CAKTI: It is always interesting to see the failure mechanism in real life.
When you do it on computers, you develop an idea of how the failure is going to happen.
But it is only during a test of this kind where we see the collapse pattern.
NARRATOR: The slow-motion replay of the collapse shows that the downward force of the sacks pushes the arch out sideways.
The weight of the dome exerts the same force on the arches in the real Hagia Sophia.
CAKMAK: The arch wants to push out and fall down.
So you have to hold the arch together like bookends.
NARRATOR: To create those bookends, Anthemius and Isidorus, the Greek mathematicians, build four buttress piers-- massive weights of brick and mortar-- and two semi-domes.
These push back against the arches, canceling out the sideways force caused by the dome.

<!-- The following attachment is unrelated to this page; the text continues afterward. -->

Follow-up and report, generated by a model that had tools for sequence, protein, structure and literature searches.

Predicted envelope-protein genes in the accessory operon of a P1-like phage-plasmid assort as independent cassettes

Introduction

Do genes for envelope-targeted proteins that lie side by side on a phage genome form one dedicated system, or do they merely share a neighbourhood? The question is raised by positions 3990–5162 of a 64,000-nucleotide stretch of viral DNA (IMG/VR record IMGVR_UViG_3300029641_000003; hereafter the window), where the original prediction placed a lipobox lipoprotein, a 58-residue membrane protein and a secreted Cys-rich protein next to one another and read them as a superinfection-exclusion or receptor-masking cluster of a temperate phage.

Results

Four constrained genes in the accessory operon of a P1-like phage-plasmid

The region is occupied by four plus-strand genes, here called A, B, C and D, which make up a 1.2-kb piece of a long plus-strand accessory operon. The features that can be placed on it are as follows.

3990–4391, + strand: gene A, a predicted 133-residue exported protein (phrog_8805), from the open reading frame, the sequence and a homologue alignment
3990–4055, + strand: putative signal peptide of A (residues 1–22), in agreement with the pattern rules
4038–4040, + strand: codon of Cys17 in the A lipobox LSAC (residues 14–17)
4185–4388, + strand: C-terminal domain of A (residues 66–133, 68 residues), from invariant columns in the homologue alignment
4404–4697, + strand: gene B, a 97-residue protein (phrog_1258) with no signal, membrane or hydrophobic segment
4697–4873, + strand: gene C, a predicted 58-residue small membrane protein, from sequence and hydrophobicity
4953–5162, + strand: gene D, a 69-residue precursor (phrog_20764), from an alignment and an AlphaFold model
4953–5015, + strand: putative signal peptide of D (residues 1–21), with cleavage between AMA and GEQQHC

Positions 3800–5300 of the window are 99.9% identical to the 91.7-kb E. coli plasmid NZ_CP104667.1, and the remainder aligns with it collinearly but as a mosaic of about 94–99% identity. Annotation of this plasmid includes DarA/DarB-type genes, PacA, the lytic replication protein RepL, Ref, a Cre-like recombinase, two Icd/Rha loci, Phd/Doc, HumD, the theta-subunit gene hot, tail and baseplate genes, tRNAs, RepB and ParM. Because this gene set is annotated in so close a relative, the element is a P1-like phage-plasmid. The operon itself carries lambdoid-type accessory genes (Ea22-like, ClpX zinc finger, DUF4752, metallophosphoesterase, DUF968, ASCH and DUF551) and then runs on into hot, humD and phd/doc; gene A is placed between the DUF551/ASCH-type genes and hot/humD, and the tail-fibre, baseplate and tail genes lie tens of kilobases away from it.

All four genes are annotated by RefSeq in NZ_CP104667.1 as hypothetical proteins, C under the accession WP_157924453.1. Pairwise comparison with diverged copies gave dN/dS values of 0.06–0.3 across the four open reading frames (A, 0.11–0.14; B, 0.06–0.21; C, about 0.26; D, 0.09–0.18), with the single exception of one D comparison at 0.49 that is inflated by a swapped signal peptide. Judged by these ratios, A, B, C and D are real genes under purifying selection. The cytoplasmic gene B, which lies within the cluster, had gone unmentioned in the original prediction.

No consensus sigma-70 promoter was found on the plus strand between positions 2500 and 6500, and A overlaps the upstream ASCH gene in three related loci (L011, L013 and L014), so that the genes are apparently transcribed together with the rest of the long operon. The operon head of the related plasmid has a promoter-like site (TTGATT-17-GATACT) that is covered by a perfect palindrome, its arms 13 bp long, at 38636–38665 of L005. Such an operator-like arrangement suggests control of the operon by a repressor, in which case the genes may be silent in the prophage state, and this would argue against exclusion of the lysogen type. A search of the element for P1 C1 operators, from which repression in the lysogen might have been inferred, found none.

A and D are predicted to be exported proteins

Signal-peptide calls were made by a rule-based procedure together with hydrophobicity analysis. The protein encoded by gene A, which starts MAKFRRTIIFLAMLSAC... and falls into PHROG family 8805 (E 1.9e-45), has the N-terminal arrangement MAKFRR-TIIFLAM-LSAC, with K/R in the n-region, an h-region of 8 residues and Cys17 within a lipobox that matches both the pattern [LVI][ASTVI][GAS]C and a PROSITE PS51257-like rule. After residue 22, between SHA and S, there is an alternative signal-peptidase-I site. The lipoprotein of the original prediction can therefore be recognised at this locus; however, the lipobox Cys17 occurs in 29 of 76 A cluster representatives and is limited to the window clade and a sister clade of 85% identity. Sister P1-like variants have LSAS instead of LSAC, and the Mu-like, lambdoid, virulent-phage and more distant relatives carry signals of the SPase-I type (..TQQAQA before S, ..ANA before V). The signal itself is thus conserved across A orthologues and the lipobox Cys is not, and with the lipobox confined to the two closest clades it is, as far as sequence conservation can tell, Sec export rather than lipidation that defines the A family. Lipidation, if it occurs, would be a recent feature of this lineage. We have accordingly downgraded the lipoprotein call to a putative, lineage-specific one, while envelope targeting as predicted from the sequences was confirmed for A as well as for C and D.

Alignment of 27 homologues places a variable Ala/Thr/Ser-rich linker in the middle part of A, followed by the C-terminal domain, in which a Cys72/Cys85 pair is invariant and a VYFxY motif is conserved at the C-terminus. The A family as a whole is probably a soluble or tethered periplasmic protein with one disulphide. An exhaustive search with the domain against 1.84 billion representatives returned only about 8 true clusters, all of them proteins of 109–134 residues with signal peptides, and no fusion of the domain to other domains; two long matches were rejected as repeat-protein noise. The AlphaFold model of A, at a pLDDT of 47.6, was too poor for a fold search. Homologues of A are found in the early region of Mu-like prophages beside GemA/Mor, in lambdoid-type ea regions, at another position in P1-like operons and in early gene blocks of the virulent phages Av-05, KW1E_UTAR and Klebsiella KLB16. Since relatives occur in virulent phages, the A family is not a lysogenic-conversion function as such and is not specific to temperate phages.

But Anthemius and Isidorus still have one more problem to solve: how to rest the dome on the tips of the arches.
CAKMAK: The architects had to transition from a circle to a square.
This they accomplished by building what is called pendentives.
It is this triangular shape that fills in the corners of the square.
NARRATOR: The pendentives together with the arches transform the circular base of the dome into a square.
And the semi-domes stretch that square into a rectangle.
Justinian has it all-- the classic rectangular shape of the basilica capped by the enormous circular dome.
Anthemius and Isidorus complete Hagia Sophia in only six years and do indeed spend nearly the entire treasury of the Byzantine Empire.
In 537, Emperor Justinian and his wife Theodora unveil their church to the world.
All who enter are awed by its size and the richness of its decorations.